I realise I'm a bit late to the party but here are a few thoughts about the now rejected assisted dying bill. (As usual all thoughts are my own)
To be honest I'm in favour of assisted dying. If you won't get better and you know it and that is what you want to do then I have no problem with that. I would do it myself. It must always be a person's choice they must be able to clearly make that choice clear. That however does not mean that I am in favour of assisted dying right now. And I'm actually relieved that it didn't pass at this moment and I'll explain why.
People love to throw around the expression slippery slope, in this case, as if that people will inevitably move towards euthanasia or to the impoverished pressuring their older or sicker family members to discreetly and voluntarily die. I think the first idea is too morally linear and there are so many people who still seem to believe that people shouldn't have control over their own life and death, preferring instead to delegate it to fate, god or whatever. Believing in this idea of an infantile humanity that cannot take charge of its own destiny seems to me very retrograde and I just don't agree with it. If a person is of sound mind and knows there is no holding back the inevitable let them do what they want. It is actually the second point about families pressuring their family members to die that troubles me more.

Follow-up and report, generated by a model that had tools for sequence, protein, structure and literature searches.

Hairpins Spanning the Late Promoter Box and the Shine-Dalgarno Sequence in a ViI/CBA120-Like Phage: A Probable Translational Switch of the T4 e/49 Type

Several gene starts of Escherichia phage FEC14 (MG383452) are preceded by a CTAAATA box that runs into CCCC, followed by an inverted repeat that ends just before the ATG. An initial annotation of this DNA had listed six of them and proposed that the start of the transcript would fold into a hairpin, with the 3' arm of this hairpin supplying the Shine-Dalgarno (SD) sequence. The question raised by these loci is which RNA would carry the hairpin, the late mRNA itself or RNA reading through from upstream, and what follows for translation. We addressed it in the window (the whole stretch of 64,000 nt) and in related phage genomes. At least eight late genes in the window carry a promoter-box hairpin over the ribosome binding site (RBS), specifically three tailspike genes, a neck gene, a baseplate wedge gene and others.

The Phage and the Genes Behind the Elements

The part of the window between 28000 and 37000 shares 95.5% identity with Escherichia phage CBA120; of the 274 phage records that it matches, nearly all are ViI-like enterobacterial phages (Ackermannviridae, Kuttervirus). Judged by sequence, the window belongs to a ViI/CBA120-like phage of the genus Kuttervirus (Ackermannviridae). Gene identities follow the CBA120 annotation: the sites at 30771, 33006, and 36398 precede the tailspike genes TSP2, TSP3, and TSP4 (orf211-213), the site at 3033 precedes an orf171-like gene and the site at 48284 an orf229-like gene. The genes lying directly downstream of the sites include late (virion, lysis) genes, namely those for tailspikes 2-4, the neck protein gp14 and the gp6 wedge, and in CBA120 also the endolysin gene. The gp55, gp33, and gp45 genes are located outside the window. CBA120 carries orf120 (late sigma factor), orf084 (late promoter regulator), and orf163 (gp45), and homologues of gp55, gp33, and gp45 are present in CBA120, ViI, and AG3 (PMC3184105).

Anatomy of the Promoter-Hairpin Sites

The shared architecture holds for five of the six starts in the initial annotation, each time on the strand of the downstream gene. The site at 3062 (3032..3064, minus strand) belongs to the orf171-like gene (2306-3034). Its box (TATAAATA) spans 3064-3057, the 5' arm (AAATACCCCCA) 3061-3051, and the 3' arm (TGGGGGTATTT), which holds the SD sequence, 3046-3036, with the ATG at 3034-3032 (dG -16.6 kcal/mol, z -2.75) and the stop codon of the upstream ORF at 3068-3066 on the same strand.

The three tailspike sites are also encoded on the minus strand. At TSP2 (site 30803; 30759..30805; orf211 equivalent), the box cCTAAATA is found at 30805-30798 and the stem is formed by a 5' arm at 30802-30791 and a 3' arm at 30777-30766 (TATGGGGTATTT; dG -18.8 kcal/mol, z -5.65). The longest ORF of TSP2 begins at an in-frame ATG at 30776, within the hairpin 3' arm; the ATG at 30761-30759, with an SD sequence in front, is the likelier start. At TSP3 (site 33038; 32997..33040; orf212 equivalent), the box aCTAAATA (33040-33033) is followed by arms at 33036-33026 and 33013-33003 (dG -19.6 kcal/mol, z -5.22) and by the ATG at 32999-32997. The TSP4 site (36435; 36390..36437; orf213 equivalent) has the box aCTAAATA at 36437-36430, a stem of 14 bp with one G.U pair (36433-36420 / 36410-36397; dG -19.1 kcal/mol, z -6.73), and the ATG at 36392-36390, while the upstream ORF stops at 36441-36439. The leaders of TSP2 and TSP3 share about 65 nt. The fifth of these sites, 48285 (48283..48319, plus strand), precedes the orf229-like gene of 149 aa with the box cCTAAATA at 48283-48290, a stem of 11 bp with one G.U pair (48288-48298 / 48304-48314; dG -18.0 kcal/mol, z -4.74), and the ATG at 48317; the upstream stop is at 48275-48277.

If you want to talk about real slippery slopes we need to look at the UK's gradual steps towards removing support for the chronically sick, the old and the disabled, as well as a more worrying stride towards private healthcare. If we managed healthcare properly balancing carefully between preventive checks and education on health matters as well as comprehensive relief from the burdens of care and costs thereof I could support assisted dying tomorrow. The fact that we are now sliding towards more costs for illness and even something as heinous as the American system that financially penalises the sick (although makes for great television ala Breaking Bad) and the disabled is troubling even without the idea of assisted dying.
Being sick isn't your fault and shouldn't be treated as such; neither is being disabled or having a terminal illness. Charities pick up a lot of the slack (from experience I cannot highly praise St Christopher's enough) for people suffering at the end but we should be providing more non-profit and government support for these issues. However until we decisively move away from the current model which we seem to be having imposed in the UK we shouldn't have assisted dying.